Black beans and kidney beans are two of the most popular and easiest types of beans.
If you’re curious which is healthier, or which has the better macro profile, you’ll find the answer here.
I’ve done a brief comparison of the 2 types of beans, divided into 3 sections.
Table of Contents
Taste of Black Beans vs Kidney Beans
These 2 types of beans taste quite different:
- Black beans – Fairly hard, with an earthy texture. They go well in South and Central American recipes.
- Kidney beans – A bit softer than black beans, and not too strong of a flavor. I think I’d say they’re “hearty” beans, which is why they go so well in meals like chili.
If you’re eating them without much seasoning, kidney beans will likely seem a bit too plain, but they soak up flavors easily, which is why they’re so versatile.
One last difference to mention here is that black beans are smaller than kidney beans.
Can I Use Black Beans Instead of Kidney Beans?
All beans are interchangeable to some degree, and in most cases you can swap kidney beans for black beans (or the other way around).
Let’s look at a common case where beans are important – chili.
Most chili recipes take one of two approaches:
- Only have kidney beans (more traditional)
- Have both kidney and black beans (usually in a 1:1 ratio)
The fact that many recipes already swap in some black beans for kidney beans pretty much tells you that you can substitute black beans for kidney beans in chili if needed.
Nutritional Value Comparison
Beans have a few vitamins, but are mostly known for the minerals that they contain.
Here’s a quick comparison table of the nutrients in both beans:
|Black Beans (%DV)||Kidney Beans (%DV)|
|Serving size||1 cup||1 cup|
Almost all of them are exactly the same. The only significant difference is that kidney beans have way more vitamin K, but vitamin K is easy to find in other foods.
Note that either way, both deliver a ton of overall nutrition. You’ll find many beans on the list of top vegan sources of vitamins like folate.
Iron is one of the more important minerals that a lot of people are lacking, and kidney beans do have a bit more, but it’s not a big difference.
Protein and Macros of Black and Kidney Beans
Looking to build muscle?
Let’s take a look at the main macros for black and kidney beans.
|Black Beans||Kidney Beans|
|Serving size||1 cup||1 cup|
|Fat||0.9 g||0.9 g|
|Carbohydrates||40.8 g||40.4 g|
|Fiber||15 g||11.3 g|
|Protein||15.2 g||15.3 g|
Unlike some beans like soybeans, when it comes to black beans and kidney beans, everything from calories to protein is virtually the same.
Black beans have more fiber if that’s important to you, but it’s probably not an issue if you’re eating beans in the first place.
Which is Better For Gas?
Beans and flatulence is an infamous combination.
We’ll look at 2 main causes of this, and what you can do to reduce stomach problems.
Reason #1 – High Fiber Content
As we saw before, one cup of cooked beans for these 2 types have:
- Black beans – 15 grams of fiber
- Kidney beans – 11.3 grams of fiber
Based on fiber, black beans are more likely to cause gas.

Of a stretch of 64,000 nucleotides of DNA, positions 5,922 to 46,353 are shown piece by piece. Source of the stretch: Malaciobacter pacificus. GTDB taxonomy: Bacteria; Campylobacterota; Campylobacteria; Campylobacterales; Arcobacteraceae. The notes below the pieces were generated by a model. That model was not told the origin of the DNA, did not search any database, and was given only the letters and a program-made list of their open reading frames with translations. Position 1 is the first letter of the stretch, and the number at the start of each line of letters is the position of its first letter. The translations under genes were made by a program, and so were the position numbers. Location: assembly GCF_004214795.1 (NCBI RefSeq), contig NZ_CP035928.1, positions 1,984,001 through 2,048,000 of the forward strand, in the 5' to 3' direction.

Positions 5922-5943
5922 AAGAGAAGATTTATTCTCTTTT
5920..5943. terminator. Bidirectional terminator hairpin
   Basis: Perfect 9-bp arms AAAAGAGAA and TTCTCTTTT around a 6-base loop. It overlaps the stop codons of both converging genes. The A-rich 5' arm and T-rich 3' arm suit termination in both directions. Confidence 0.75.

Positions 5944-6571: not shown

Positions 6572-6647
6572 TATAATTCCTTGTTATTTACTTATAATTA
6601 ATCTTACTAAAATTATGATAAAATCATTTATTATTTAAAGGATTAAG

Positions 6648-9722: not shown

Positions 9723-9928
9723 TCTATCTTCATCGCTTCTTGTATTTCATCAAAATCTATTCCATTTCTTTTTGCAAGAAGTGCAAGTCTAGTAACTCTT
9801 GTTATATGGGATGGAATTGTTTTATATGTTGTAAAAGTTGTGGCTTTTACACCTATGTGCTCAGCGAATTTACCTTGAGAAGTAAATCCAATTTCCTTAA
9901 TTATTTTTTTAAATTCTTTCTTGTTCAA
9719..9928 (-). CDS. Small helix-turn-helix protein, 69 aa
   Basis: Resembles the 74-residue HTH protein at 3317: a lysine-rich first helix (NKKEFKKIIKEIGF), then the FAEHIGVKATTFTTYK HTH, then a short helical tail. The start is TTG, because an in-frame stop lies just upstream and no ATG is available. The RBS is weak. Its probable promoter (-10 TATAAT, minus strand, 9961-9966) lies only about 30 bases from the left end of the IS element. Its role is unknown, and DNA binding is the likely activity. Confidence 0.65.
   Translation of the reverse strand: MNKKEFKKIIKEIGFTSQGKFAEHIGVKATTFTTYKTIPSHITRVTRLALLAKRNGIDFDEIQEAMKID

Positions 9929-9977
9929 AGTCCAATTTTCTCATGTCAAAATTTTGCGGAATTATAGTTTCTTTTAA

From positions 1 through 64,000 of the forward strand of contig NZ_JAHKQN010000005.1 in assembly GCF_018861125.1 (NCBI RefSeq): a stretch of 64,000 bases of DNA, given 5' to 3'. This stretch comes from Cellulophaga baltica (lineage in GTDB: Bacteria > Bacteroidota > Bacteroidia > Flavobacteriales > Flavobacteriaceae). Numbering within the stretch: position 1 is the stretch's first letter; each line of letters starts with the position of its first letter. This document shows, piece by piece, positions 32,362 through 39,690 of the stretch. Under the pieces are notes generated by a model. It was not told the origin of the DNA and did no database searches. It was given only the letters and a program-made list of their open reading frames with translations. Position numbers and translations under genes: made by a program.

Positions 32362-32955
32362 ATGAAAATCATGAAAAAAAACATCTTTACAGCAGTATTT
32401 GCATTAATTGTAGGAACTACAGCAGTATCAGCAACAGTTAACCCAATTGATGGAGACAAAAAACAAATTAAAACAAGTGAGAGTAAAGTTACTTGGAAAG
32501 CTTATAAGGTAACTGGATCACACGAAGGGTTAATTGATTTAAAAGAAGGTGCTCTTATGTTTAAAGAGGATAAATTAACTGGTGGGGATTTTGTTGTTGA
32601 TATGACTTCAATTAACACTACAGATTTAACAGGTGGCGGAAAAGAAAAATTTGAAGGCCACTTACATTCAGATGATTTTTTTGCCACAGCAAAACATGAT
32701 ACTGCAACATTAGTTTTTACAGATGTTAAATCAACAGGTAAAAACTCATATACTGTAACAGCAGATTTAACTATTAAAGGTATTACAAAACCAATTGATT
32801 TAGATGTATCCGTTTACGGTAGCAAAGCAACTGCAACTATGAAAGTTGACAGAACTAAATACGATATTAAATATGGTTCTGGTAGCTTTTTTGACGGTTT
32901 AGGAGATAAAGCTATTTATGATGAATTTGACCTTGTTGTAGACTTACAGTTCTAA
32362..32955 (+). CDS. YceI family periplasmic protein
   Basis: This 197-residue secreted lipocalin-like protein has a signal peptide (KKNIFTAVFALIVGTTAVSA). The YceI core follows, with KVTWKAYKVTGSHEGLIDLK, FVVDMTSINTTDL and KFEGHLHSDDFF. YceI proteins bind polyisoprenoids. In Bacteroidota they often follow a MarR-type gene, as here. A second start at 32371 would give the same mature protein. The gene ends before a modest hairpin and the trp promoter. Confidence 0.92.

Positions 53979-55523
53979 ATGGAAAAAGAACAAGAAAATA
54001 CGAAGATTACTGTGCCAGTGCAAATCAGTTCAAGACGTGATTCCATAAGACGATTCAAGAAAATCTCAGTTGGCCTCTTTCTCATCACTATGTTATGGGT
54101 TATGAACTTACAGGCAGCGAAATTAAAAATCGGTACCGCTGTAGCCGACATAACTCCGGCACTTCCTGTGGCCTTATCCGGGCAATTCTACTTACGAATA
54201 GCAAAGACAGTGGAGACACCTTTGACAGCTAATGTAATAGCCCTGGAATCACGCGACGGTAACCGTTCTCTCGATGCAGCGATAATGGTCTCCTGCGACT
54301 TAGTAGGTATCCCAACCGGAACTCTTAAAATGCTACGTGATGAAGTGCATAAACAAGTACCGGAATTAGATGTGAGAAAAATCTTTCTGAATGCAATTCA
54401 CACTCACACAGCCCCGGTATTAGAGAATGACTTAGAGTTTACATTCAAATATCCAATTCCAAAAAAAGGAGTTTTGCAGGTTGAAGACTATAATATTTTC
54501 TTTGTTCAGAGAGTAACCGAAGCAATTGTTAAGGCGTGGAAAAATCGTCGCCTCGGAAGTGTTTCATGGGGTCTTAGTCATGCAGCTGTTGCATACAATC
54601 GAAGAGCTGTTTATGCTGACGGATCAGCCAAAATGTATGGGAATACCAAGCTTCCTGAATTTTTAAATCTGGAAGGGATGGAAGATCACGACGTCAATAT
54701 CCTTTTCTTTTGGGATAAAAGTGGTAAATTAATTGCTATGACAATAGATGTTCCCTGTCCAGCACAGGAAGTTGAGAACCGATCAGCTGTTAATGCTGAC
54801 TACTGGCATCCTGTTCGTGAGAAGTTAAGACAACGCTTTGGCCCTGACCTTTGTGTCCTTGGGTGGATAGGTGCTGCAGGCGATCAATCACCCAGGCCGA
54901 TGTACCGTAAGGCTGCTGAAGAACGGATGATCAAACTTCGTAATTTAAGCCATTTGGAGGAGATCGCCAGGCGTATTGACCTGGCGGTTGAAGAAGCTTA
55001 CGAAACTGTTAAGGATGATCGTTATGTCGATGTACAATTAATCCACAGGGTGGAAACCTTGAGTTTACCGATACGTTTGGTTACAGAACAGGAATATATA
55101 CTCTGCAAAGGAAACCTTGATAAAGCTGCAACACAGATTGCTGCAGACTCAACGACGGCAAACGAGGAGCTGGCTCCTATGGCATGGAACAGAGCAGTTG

Reason #2 – High Oligosaccharide Content
Oligosaccharides are one type of sugar that’s particularly hard for people to digest.
They don’t absorb well in the stomach or small intestine, and then go on to ferment in the large intestine (which produces gas as a byproduct). It’s really not too different from fiber.
It’s tough to find data on this, since it’s not on any nutrition label, but one study did find that black and kidney beans have roughly the same amount of oligosaccharides (source):
Throughout these experiments, all 3 bean classes showed similar initial raffinose and stachyose levels: 0.5% to 0.7% dry basis for raffinose and 3% to 4% dry basis for stachyose.
Note that raffinose and stachyose are the 2 most common types of oligosaccharides you’ll find in legumes.
Reducing Gas From Beans
That same study looked at 3 approaches for reducing oligosaccharide content in black, red, and navy beans:
- Enzyme treatment – You might have seen bean enzyme products like Bean-o that promise to reduce flatulence. They break down these stubborn starches to aid digestion.
- Hydration – Simply soaking dry beans in water for an extended period
- Germination – Involves soaking as a first step, and continuing to water until they sprout (longest, but most effective option).
It turns out that black beans respond better to these methods than red (kidney) beans, especially hydration.
That makes it tricky to say which bean will produce less gas for most people.
On one hand, black beans have more fiber than kidney beans. However, black beans will have a lower oligosaccharide content if you soak or sprout them. Overall, it depends on individual factors since some people will react more to one of these issues more than others.
What’s the Difference Between Black Beans and Kidney Beans
Nutritionally speaking, both black beans and kidney beans are virtually identical. They have almost the same calories, fiber, and vitamin content.
The only real difference is the taste.
Since there’s no “best” one, just eat the one you like the taste of the most.
Or better yet, eat both!